How Do The Hackers Target The End-Users?
Most people probably imagine a hacker as a shadowy figure that utilizes their computer abilities to access the information of large corporations or governments and steal money by breaking into digital accounts. After all incidents like Solarwinds and Colonial Pipelines make big and exciting news. However there is a growing number of hackers that don’t hack computers but hack humans.
Social engineering is the use of psychological manipulation to get a victim to give up information or do an action. Most of the time hackers use social engineering to get people to divulge their bank accounts or their social security but it can also be used to persuade people to download malicious software or give hackers a foothold with a system. While social engineering spans a number of attack vectors, phishing (and its spinoffs) are some of the most prevalent. Phishing is when an attacker sends a fraudulent message in order to solicit information from a victim and it has a big economic impact on companies. In fact Cybersecurity Dive reports that in 2021 the average cost of phishing attacks was $14.8 million for US companies. Phishing isn't just limited to enterprise targets however, many hackers target non-enterprise targets with email scams, fake text messages, and fraudulent links.
As a result it is important for people, both professionals and non professionals alike, to be capable of identifying instances of social engineering. Most of the time there are aspects of phishing attacks that make it easy to identify.
For example in the image above we see a fraudulent email that is pretending to be an ebay order confirmation. To the untrained eye it may look like an accident on the part of ebay that can be fixed by clicking the link. However there are certain aspects one can look at to determine the authenticity of the email. For example in the sent from field we see the line “eBay Inc. firstname.lastname@example.org via mcc.mcsv.net (sent by email@example.com)“. This is an immediate red flag as a normal message from ebay would not include “eBay Inc. firstname.lastname@example.org via mcc.mcsv.net” in the sender fields. As a result one can conclude that this is most likely sent from an email account masking itself as an official ebay support email. Furthermore the content of the email is poorly formatted, with the spacing between the “Hi Dear!” and “Thank you for your order” clearly off. Lastly when hovering over the link “We’re so excited”, one can see that the link does not lead to an ebay domain but rather mails the scam to other people, probably hoping to use your email to make it harder to trace it back to its origins. Even if after examining the email and determining that it is legitimate it is still safe practice to never click on links. Instead access the site in question by manually typing it in the search bar.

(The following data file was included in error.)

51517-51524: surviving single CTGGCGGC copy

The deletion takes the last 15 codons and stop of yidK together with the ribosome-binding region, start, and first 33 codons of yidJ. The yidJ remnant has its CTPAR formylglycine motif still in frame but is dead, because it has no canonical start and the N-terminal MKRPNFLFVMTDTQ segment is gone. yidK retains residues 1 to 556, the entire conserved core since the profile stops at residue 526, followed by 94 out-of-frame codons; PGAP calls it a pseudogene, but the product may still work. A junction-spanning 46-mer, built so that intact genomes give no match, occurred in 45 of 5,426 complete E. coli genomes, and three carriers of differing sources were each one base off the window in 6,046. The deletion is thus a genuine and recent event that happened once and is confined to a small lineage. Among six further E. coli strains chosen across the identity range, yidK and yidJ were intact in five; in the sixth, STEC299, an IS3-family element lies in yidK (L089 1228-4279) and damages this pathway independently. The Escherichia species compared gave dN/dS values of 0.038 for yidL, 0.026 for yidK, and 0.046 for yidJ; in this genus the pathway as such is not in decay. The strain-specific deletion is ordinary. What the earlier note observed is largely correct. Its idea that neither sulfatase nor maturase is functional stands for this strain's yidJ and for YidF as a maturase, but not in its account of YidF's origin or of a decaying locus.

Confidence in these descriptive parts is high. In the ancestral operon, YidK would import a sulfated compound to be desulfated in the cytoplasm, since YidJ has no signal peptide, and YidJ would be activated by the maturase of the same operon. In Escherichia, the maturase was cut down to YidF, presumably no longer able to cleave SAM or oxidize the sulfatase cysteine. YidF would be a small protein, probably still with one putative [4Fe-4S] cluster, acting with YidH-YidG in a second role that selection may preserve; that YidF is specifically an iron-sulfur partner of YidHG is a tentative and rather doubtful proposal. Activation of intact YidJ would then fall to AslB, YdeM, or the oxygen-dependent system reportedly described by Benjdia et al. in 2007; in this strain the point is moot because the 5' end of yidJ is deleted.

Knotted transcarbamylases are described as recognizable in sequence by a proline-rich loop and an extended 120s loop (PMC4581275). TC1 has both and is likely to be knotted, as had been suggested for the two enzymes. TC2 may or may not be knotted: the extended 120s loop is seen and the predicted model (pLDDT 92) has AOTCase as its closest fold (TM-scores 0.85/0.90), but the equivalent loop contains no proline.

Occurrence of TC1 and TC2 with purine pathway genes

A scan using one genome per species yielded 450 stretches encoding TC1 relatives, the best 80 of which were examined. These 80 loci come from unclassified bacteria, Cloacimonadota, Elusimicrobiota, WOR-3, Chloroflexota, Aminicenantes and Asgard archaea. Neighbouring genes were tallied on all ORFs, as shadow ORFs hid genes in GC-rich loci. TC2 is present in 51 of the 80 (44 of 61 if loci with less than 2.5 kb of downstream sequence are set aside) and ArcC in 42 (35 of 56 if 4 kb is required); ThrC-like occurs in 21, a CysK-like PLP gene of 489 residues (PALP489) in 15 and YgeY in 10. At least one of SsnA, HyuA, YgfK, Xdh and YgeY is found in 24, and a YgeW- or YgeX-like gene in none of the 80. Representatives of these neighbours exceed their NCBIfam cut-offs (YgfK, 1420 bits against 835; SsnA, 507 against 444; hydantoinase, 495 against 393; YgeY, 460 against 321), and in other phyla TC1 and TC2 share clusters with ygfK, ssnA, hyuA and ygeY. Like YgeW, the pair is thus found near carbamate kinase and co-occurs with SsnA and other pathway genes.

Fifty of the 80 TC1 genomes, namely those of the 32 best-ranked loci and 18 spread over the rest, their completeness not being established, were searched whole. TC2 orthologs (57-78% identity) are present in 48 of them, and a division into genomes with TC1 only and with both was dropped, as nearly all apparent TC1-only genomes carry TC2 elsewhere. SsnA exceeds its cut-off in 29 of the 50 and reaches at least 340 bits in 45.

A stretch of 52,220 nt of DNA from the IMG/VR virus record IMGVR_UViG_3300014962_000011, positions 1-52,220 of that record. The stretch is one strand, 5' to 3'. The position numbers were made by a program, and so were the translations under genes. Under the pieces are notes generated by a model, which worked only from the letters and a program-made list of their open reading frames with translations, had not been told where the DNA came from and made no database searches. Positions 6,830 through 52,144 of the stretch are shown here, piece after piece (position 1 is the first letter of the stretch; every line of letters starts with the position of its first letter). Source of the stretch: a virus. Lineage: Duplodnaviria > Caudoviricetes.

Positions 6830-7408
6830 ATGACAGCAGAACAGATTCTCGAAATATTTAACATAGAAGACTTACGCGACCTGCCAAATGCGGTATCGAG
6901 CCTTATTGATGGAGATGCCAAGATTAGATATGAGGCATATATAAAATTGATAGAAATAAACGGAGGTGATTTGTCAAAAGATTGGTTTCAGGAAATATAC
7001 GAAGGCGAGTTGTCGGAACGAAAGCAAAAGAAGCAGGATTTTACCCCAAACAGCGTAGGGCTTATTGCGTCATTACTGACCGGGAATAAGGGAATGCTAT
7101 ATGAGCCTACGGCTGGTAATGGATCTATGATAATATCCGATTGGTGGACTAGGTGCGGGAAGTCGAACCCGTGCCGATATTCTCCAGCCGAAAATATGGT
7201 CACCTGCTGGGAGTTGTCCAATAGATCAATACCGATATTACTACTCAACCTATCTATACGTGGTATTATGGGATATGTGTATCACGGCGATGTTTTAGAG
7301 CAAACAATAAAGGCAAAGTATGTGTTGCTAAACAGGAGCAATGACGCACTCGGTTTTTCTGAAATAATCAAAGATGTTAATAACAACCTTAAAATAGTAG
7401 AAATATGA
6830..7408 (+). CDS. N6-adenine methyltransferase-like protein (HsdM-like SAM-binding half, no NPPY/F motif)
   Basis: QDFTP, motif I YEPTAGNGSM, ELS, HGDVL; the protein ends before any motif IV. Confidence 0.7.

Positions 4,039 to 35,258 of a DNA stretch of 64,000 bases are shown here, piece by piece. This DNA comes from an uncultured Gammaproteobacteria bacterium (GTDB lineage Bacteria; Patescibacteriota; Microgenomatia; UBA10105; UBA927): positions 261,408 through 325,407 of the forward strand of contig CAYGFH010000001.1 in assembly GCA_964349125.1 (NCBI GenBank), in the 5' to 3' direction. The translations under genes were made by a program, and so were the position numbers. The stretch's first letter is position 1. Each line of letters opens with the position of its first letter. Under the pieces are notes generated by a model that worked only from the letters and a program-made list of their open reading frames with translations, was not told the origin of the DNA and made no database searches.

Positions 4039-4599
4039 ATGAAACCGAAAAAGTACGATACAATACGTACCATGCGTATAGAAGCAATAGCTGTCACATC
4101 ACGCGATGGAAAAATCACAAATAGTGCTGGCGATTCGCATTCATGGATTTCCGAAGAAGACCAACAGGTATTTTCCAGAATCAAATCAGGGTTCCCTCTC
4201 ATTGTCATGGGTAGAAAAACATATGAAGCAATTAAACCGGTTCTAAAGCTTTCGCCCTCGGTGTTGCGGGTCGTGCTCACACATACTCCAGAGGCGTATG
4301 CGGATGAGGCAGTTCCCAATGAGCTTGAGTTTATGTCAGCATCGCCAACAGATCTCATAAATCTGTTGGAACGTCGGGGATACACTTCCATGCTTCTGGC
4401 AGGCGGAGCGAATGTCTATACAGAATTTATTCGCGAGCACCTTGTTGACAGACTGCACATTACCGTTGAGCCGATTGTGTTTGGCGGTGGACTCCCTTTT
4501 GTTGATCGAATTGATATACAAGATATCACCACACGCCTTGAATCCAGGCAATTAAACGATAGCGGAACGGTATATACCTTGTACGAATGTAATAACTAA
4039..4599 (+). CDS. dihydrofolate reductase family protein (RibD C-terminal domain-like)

In a world where anyone can send an email or text masqueraded as official communications, it is incredibly important that companies prepare themselves and their employees to defend themselves against social engineering attacks. While software like email filters can be beneficial in preventing these attacks, it is important to still train employees in identifying and responding to instances of social engineering. After all security systems are only as strong as the user and it only takes one slip through the defenses to seriously harm a company.
Jones, David. “How Much Does Phishing Really Cost the Enterprise?” Cybersecurity Dive, 17 Aug. 2021, www.cybersecuritydive.com/news/phishing-cost-enterprise/605110/.
“Phishing Attack.” Malwarebytes Lab, Malwarebytes, blog.malwarebytes.com/101/2018/09/6-sure-signs-someone-is-phishing-you-besides-email/.